Zippin opens San Francisco-based concept store featuring frictionless shopping experience.
Now that Amazon has set the bar for frictionless checkout, other companies are vying to match the competition with checkout-free options of their own.
Zippin is launching its next-generation, checkout-free software platform that enables retailers to quickly deploy frictionless shopping in stores. The San Francisco-based startup has also opened a concept store in San Francisco’s SOMA neighborhood to showcase its automated shopping technology in a real-life retail environment.
Zippin’s ecosystem-which integrates its proprietary software with readily available hardware-uses a combination of overhead cameras and smart shelf sensors for the highest level of accuracy. On leaving the store, customers receive a receipt detailing their charges.
Consumers in the U.S. waste almost 37 billion hours a year standing in line, and a significant portion of that is spent waiting in retail checkout lines. Zippin’s patent-pending approach uses AI, machine learning, and visual cognition technology, to create the best consumer experience: banishing checkout lines and self-scanners, and letting shoppers zip in and out with their purchases. The secure and trusted Zippin platform can be easily and quickly deployed by any retailer wanting to offer autonomous, checkout-free shopping.
Sophisticated AI-Based Technology
While early approaches to autonomous shopping have relied solely on cameras to track purchases, Zippin’s ecosystem—which integrates its proprietary software with readily available hardware—uses a combination of overhead cameras and smart shelf sensors for the highest level of accuracy. Zippin’s approach stands out for its ability to work accurately even in a crowded store.
“Consumer frustration with checkout lines is driving a tidal wave of demand among retailers and real estate owners keen to provide a frictionless retail experience,” said Zippin CEO, Krishna Motukuri. “With annual sales of grocery stores, convenience stores and quick-serve restaurants totaling nearly $1.6 trillion in the U.S. alone, we believe there is a sizeable market opportunity for us to pursue.”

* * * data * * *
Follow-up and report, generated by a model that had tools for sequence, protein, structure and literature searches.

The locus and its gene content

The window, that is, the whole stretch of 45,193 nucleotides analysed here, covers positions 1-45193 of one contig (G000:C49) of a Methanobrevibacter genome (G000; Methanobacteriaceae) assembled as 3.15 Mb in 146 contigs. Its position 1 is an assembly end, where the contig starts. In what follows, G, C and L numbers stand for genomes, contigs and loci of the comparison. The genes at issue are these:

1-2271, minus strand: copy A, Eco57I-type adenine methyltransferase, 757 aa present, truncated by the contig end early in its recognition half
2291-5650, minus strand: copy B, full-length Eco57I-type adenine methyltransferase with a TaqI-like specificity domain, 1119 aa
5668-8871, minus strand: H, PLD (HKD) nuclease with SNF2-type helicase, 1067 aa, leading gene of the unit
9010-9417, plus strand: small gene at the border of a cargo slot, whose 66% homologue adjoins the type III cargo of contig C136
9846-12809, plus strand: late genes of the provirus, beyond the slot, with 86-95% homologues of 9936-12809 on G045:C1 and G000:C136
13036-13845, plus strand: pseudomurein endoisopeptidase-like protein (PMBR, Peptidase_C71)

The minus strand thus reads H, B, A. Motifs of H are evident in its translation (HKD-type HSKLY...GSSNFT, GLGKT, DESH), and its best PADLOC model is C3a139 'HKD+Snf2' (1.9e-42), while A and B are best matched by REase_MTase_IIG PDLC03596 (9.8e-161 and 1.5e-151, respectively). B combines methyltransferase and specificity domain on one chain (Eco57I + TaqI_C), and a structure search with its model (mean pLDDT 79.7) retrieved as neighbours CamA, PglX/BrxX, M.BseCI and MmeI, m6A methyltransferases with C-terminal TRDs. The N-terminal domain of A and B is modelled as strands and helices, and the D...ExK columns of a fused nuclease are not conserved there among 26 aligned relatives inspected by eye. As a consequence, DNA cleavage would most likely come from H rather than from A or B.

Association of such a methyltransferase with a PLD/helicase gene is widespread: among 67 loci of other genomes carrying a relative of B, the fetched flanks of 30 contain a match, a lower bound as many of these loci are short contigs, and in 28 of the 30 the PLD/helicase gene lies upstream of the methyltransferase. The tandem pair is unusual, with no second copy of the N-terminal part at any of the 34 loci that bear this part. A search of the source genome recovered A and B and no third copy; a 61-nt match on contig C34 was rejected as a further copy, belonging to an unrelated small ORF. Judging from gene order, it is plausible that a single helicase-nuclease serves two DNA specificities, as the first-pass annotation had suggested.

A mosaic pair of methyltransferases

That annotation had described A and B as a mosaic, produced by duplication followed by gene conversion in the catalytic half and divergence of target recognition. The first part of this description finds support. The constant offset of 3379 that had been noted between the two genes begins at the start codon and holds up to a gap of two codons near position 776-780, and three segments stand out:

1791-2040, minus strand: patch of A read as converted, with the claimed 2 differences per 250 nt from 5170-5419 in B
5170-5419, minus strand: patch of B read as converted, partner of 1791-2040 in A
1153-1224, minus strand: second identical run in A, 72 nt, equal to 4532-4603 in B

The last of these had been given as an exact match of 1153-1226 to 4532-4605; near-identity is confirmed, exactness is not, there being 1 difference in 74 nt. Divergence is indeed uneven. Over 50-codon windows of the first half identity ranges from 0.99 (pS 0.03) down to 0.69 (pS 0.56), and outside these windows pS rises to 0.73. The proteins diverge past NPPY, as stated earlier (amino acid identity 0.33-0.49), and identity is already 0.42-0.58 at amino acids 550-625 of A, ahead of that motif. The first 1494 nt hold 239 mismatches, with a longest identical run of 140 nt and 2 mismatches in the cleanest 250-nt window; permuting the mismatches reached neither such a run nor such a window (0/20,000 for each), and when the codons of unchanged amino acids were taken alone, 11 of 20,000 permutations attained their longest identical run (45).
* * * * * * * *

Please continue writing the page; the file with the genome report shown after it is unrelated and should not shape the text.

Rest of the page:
Zippin’s platform offers all retailers a way to meet this demand, while increasing profits by freeing-up real estate and human capital, and achieving better inventory and merchandising efficiencies through real-time data captured by the system.
“Despite the popularity of shopping online, brick and mortar retail still accounts for more than 90% of all purchases made in the U.S. With Zippin, traditional retailers can now compete against e-commerce companies, which until now have had the advantage of leveraging a host of key data about their customers,” noted Motukuri.
How Zippin Works for Shoppers
Consumers download the Zippin app (available on iTunes and Google Play) and connect their preferred payment method. The app contains their store “key” or QR code, which can be scanned to gain entry to a shop. Overhead cameras follow customers’ movements as they move around the store—without using face recognition. Cameras and smart shelf sensors track when and which products are picked up or put back. Combining these two inputs allows Zippin to place the right items in the right shoppers’ virtual carts. On leaving the store, customers receive a receipt detailing their charges. Watch this video to see Zippin in action.
Zippin is currently offering access to its San Francisco concept store through private invitation. The shop will be open to the public for limited hours during the week beginning in mid-September.